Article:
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I first suspected that I would enjoy teaching in high school, when I tutored a friend in Latin and found that I enjoyed working with others to share my knowledge. This was reinforced during my undergraduate studies, when I worked with the university tutoring office, and was confirmed in graduate school, when I found I had a greater passion for teaching than for research. I have been involved in education ever since, tutoring students independent, serving as the math tutor at ITT Technical Institute, and most recently as a substitute teacher, where my greatest joy comes when I am given the opportunity to work with and assist the students.

I excel in teaching languages, particularly Latin and Ancient Greek, and I have found that I have an aptitude for conveying math concepts in a way that is understandable and approachable for students. I remember my own challenges when I learned new concepts, and I try to draw on those to anticipate problems that my students may have.

Whatever challenges you may face, I will happily and patiently work with you to solve them; if we can't resolve them in one session, I will research tools to help for the next session. It gives me pleasure to see students succeed, and I hope that I will be able to help you in your academic endeavors!

Undergraduate Degree:

 Wright State University-Main Campus - Bachelors, BA Latin, BA Ancient Greek

Graduate Degree:

 University of Florida - PhD, Classical Humanities

ACT Composite: 33

ACT English: 36

ACT Math: 33

ACT Reading: 30

ACT Science: 32

SAT Verbal: 800

GRE Quantitative: 750

GRE Verbal: 800

GRE Analytical Writing: 6

Languages, crafts (crocheting, knitting, chainmail, whittling... almost anything!), computer programming, video games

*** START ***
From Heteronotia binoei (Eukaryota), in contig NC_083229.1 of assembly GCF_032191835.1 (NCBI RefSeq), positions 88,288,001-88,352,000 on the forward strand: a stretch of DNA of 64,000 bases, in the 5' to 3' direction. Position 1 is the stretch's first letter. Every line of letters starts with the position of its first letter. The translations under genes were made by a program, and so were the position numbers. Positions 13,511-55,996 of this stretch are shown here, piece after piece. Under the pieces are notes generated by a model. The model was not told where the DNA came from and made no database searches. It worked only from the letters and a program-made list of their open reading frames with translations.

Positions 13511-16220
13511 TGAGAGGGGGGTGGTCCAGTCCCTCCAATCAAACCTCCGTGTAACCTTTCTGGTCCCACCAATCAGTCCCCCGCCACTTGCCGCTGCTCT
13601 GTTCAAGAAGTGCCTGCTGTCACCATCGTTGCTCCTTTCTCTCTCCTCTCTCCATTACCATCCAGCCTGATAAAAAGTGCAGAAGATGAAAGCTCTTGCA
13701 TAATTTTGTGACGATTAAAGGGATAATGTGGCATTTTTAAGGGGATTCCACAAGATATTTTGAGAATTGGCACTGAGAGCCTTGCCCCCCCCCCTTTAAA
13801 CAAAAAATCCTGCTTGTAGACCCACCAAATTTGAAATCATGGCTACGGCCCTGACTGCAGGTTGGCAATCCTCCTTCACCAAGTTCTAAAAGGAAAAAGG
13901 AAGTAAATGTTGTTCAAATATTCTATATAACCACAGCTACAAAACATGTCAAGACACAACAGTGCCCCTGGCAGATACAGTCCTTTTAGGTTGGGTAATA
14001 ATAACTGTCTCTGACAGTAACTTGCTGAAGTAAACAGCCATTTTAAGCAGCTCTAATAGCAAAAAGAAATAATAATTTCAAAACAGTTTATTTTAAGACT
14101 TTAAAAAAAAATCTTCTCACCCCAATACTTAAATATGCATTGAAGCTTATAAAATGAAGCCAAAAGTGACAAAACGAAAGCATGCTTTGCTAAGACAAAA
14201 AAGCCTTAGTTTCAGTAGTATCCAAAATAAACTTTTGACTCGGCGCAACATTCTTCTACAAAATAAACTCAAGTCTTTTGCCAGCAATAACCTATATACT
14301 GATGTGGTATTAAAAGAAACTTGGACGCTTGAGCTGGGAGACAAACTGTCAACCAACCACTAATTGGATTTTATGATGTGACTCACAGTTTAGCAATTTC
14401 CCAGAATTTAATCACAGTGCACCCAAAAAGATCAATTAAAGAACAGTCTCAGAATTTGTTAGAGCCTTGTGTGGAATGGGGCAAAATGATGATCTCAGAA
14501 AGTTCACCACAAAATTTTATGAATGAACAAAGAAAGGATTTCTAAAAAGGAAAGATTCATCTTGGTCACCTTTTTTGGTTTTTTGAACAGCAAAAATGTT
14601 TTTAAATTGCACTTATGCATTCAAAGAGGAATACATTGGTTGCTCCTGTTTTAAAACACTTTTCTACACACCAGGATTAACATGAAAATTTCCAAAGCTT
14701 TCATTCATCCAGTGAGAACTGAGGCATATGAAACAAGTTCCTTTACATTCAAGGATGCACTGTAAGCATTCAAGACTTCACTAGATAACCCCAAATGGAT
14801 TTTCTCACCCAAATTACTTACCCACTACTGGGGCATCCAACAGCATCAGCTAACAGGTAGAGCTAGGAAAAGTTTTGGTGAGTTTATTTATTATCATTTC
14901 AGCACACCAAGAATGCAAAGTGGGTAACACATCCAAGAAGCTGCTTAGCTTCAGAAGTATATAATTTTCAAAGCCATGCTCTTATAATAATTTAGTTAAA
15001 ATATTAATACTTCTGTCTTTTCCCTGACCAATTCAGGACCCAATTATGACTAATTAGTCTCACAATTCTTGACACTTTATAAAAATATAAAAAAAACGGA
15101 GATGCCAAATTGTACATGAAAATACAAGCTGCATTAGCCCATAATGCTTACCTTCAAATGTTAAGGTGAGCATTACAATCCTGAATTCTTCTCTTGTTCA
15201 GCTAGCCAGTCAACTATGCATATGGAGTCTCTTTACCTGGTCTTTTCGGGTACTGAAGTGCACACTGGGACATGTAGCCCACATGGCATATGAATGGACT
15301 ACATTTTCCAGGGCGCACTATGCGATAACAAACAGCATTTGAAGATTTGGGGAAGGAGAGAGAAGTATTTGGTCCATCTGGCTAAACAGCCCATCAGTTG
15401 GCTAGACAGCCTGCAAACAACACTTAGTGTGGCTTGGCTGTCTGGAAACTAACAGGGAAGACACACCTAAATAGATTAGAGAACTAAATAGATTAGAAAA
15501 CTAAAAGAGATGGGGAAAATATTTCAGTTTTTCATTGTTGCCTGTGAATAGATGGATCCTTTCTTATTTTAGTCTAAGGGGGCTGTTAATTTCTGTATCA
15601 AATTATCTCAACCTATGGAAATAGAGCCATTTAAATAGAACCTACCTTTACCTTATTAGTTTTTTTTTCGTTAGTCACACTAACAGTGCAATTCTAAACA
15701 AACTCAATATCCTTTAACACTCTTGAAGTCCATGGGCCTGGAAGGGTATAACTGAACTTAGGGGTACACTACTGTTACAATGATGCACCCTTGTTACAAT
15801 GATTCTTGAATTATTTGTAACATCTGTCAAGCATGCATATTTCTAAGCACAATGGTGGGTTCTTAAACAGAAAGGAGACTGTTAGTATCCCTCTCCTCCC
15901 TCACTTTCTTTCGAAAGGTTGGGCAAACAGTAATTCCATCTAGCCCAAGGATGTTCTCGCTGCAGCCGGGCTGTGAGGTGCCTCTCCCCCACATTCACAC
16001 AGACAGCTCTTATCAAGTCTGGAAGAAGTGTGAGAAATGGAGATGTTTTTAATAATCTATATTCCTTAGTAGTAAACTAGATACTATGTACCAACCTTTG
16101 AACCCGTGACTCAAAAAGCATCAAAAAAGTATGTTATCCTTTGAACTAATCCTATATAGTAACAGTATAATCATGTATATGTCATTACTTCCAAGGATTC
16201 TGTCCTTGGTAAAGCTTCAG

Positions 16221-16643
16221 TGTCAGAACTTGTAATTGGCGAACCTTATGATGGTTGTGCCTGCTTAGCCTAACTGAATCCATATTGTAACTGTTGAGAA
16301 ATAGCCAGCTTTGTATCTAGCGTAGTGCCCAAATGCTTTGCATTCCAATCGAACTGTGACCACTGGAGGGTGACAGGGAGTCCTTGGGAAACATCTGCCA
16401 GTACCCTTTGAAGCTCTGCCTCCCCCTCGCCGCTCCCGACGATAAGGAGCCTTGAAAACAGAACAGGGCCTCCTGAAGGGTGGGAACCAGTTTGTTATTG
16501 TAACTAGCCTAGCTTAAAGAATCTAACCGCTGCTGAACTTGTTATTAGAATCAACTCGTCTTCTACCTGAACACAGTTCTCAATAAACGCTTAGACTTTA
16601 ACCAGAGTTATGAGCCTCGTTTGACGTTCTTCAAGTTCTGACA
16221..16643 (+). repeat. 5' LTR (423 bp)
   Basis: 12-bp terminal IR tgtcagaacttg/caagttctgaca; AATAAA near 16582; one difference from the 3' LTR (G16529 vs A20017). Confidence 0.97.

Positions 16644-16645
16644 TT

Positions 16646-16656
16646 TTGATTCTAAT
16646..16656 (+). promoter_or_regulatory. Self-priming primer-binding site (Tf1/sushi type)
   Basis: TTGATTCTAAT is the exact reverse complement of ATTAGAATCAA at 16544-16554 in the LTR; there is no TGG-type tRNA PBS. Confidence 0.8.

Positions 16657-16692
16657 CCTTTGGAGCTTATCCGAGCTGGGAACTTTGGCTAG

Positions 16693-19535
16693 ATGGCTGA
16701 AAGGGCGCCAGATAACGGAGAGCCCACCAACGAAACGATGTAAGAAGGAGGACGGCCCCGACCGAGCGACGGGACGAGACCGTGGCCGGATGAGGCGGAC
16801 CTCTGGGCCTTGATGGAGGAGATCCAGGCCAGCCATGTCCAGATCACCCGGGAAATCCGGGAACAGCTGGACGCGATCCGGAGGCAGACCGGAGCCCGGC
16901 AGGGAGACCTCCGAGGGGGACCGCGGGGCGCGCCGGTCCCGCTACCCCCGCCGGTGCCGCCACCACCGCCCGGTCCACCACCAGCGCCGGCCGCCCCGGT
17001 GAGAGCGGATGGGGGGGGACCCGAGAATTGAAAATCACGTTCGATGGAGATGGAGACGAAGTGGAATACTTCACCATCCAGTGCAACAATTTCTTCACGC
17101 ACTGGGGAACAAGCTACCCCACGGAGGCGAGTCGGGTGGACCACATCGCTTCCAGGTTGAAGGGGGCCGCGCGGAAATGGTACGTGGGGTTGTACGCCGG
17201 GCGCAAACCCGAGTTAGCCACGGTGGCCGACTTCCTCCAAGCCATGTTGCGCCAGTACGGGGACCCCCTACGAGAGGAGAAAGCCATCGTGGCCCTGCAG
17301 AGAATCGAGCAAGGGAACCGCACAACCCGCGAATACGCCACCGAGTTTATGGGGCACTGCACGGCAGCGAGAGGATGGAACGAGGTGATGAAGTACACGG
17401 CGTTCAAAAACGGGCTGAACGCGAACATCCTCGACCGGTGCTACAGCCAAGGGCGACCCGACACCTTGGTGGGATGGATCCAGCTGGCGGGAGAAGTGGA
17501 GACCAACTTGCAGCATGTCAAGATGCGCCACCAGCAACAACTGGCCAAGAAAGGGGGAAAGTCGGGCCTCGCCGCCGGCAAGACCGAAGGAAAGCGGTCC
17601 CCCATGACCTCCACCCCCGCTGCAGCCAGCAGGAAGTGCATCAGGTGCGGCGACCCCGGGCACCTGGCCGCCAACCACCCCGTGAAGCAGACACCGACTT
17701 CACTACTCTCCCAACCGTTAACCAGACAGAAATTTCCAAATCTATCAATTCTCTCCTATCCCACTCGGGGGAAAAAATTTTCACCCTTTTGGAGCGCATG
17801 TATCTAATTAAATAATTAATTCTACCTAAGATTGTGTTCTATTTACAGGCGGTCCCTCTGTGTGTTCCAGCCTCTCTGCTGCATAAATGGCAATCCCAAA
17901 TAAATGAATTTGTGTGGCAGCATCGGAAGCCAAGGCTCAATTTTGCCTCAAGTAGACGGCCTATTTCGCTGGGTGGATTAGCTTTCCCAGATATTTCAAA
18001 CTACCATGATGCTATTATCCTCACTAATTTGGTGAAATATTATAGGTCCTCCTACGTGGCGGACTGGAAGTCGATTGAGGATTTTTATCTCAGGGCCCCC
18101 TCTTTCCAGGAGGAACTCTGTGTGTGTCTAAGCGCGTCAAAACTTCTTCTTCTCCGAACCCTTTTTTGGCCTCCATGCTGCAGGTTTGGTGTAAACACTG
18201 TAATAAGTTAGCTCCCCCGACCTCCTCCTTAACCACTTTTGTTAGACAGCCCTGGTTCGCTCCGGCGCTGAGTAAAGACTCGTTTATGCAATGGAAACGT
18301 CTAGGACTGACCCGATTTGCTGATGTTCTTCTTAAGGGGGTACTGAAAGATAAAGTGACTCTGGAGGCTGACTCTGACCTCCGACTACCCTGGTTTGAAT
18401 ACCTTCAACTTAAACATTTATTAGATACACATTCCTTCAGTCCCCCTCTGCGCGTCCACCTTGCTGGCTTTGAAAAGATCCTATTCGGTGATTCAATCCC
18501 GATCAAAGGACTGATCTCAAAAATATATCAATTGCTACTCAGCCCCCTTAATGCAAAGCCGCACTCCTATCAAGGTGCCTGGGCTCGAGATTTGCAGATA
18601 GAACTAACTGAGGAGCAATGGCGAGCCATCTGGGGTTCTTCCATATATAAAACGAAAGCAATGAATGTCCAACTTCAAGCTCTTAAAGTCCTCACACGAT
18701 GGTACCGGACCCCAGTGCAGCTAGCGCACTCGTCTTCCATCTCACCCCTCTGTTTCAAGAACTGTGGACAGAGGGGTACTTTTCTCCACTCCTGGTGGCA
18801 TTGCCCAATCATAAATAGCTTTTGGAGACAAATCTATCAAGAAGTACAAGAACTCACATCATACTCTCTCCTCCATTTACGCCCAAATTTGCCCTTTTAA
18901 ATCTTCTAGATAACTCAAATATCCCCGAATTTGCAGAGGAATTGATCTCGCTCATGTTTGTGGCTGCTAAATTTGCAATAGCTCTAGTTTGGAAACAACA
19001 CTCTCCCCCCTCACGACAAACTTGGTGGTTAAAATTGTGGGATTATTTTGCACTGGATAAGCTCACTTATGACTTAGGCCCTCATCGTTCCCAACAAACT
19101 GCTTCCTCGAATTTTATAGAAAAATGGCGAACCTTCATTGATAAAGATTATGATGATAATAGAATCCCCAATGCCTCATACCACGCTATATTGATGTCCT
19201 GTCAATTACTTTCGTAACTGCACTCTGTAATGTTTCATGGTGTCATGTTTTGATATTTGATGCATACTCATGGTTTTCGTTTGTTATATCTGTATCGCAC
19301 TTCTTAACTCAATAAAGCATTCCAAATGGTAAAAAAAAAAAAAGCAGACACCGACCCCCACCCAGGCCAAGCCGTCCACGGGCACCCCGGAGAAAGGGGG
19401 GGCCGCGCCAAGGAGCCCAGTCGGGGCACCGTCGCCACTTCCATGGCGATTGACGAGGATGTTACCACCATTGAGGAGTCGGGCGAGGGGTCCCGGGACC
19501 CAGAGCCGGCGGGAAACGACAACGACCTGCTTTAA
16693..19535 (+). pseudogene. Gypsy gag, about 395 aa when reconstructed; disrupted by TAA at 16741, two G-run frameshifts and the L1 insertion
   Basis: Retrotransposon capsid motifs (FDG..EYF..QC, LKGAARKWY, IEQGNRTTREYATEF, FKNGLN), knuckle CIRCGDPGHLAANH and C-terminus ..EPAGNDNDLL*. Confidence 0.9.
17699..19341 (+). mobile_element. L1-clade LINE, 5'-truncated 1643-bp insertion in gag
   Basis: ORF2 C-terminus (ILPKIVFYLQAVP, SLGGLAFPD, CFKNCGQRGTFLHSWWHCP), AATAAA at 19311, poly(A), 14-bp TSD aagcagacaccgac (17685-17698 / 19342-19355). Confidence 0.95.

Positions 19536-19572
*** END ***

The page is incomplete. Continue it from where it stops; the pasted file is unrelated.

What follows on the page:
What is your teaching philosophy?

I believe in identifying a student's current ability level and working from there. Every person has a different set of gifts and proficiencies, and I will try to identify those areas and gear our lessons accordingly. If a student is more visual or analytical, arranging information in charts and graphs could be helpful. For more auditory learners, I will explain the information out loud, as often as the student’s needs. I will tailor my teaching to what fits the student best, and I will continue trying new tactics if old ones do not work. My foremost goal is to see the student excel.

What might you do in a typical first session with a student?

For a first session, I would talk with the student and see where they are at, what they need help with, and what they want to achieve with my assistance. I would tailor my input to what they want from me; if a student just needs a sounding board (for instance, in translating a text or solving a math problem) I would offer input only when they seemed to struggle. If a student needed more active tutoring, I would walk through several examples before giving them practice questions to gauge what they learned. If, after the first session it seemed the student needed remediation, I would create a comprehensive diagnostic exam. The exam would ramp up to the material we attempted in the first lesson, to see how far back we would need to go in our review efforts, and then start there.

How can you help a student become an independent learner?

Often, the greatest challenge to learning comes with confidence. As students learn new concepts, they may become overwhelmed, forgetting older material or feeling as though they never grasped it in the first place. In order to build confidence, I will occasionally return to older topics. This will let students build/reinforce older material, as well as remind them of how far they have come and how much they already know. By teaching them confidence-building exercises, they will learn how to overcome the greatest obstacle to learning and be able to apply the lesson to subsequent studies.